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by Rabbi Yitzi Hurwitz
In the Hagada we read that G-d took us out of Egypt Himself rather than have His angels do it. Why? If the objective was simply to free us from Egyptian bondage, wouldn't we be just as free had He sent angels to free us? There is obviously something deeper happening here.
G-d freed us for a reason, to be His partner in creation, to finish what He started, to fulfill His ultimate goal, that we develop this world into a place that His Presence could dwell openly.
G-d is ever present, however, nature was created so that it hides His presence. How then is it possible for us, mere creations, to change nature?
Therefore, G-d Himself redeemed us, because for us to effect creation, we had to be raised above creation. Angels can't reach that high so He did it Himself.
While we have physical existence, there is a part of us that transcends creation.
The Hagada elaborates this point, because the central theme of the Passover Seder is not only the Exodus from Egypt, but also the ultimate redemption - the coming of Moshiach, when G-d's Presence will be revealed. Through our efforts we hasten his coming. What gives us this ability? The fact that G-d raised us above creation.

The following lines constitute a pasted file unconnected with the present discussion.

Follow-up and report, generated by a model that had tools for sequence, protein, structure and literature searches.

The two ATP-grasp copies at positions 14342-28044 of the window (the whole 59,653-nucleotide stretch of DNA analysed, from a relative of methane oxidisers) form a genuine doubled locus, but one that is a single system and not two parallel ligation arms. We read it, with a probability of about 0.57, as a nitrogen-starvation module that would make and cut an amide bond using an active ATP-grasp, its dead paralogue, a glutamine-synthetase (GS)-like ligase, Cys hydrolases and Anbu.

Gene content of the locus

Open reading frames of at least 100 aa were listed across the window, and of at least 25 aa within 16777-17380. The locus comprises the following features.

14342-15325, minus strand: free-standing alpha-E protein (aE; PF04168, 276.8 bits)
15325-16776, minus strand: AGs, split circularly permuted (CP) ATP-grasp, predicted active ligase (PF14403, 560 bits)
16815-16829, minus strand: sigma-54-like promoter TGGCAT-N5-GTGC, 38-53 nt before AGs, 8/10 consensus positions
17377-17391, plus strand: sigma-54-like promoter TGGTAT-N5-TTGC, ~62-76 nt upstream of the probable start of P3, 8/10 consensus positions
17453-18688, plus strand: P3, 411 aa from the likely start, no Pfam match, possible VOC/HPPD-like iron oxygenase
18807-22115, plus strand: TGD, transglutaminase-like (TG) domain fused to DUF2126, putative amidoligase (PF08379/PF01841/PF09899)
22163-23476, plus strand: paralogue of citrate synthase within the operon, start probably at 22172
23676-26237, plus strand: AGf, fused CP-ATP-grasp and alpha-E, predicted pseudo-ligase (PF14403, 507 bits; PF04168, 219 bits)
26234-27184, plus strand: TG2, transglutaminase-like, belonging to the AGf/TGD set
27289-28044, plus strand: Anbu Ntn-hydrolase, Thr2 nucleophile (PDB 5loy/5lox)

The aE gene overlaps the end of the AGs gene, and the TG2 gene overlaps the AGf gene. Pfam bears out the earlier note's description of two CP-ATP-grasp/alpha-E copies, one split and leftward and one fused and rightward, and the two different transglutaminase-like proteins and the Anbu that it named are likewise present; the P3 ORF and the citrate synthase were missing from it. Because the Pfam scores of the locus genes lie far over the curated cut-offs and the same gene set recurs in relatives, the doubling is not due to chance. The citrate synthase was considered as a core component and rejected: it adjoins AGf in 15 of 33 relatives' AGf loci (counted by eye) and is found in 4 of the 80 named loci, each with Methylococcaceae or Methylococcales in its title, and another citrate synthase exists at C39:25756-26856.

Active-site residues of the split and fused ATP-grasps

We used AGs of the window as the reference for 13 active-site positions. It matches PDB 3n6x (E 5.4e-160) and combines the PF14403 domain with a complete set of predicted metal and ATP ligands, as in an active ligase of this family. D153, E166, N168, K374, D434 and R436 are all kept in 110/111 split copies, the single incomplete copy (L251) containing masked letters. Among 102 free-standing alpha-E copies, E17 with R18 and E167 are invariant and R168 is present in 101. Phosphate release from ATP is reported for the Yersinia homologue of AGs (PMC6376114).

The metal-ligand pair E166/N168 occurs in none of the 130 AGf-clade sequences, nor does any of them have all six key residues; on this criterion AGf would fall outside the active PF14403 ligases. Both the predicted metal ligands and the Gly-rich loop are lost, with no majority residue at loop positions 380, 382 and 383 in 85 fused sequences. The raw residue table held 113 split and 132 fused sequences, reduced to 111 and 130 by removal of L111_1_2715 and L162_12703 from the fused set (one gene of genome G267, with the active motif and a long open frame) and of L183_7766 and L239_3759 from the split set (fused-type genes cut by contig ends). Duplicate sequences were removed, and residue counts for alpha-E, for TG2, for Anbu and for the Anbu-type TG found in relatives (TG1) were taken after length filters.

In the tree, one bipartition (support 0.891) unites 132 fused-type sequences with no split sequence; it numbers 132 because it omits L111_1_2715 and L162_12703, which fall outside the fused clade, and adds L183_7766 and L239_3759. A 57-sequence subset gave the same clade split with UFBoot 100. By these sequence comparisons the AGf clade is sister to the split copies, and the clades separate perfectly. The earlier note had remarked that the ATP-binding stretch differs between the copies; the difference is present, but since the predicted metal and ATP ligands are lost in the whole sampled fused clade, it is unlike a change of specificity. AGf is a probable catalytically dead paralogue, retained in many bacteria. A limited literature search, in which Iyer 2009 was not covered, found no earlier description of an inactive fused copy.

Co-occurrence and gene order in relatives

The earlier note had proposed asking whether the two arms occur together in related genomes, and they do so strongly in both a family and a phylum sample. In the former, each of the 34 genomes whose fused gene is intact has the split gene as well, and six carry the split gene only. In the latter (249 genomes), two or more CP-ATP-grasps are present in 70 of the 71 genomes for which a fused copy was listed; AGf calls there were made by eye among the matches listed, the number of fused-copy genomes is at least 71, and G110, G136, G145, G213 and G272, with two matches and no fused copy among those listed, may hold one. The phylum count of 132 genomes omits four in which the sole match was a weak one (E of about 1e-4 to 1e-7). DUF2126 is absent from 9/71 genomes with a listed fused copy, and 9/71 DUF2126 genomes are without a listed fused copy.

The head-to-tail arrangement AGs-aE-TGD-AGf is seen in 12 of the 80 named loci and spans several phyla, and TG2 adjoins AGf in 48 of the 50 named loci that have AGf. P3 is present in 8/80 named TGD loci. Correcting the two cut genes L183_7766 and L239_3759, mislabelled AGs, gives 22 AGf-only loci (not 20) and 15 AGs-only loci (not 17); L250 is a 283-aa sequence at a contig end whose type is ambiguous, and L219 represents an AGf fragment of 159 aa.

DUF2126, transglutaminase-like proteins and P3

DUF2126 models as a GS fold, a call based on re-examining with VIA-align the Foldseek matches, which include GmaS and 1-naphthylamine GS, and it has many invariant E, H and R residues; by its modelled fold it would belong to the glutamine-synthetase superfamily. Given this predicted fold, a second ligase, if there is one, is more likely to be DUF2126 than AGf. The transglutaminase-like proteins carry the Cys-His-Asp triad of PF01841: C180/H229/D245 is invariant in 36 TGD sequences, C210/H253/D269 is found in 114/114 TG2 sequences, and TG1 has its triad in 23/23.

How does one feel free when life is so difficult, so many responsibilities? It seems that we are effected by creation not the other way around.
Freedom does not mean that life is free of challenges, rather that we recognize that G-d Himself put us into our situation and it is not a challenge at all. It is an opportunity that He is giving us to effect creation.
You might ask, "How could someone like you feel free when you are not able to move most of your body? How do you remain positive and happy in your predicament?"
I choose to see it that way. You can too!
Have a kosher and happy Passover, may it truly be the Chag Hageula, the holiday of redemption.
- (Back to text) Yitzi Hurwitz, father of seven and founder with his wife Dena of Chabad of Temecula, California, was diagnosed with ALS in 2013. Today, 95% of his body is paralysed. But he can still smile and his eyes move. With the aid of an eye movement-based human-computer interface he writes a weekly blog on the Torah portion or timely Jewish topics. It takes him nearly an entire day to write one article using his eyes to click on one letter at a time on his special computer screen. And he chooses to "remain positive and happy." May we all be positive and happy, thereby experiencing our own personal redemptions and ultimately the Redemption of the entire Jewish people.
To read Yitzi's blog visit yitzihurwitz.blogspot.com. To see a music video created from a song Yitzi composed "Shine a Little Light" visit www.youtube.com/watch?v=uGWoChObb40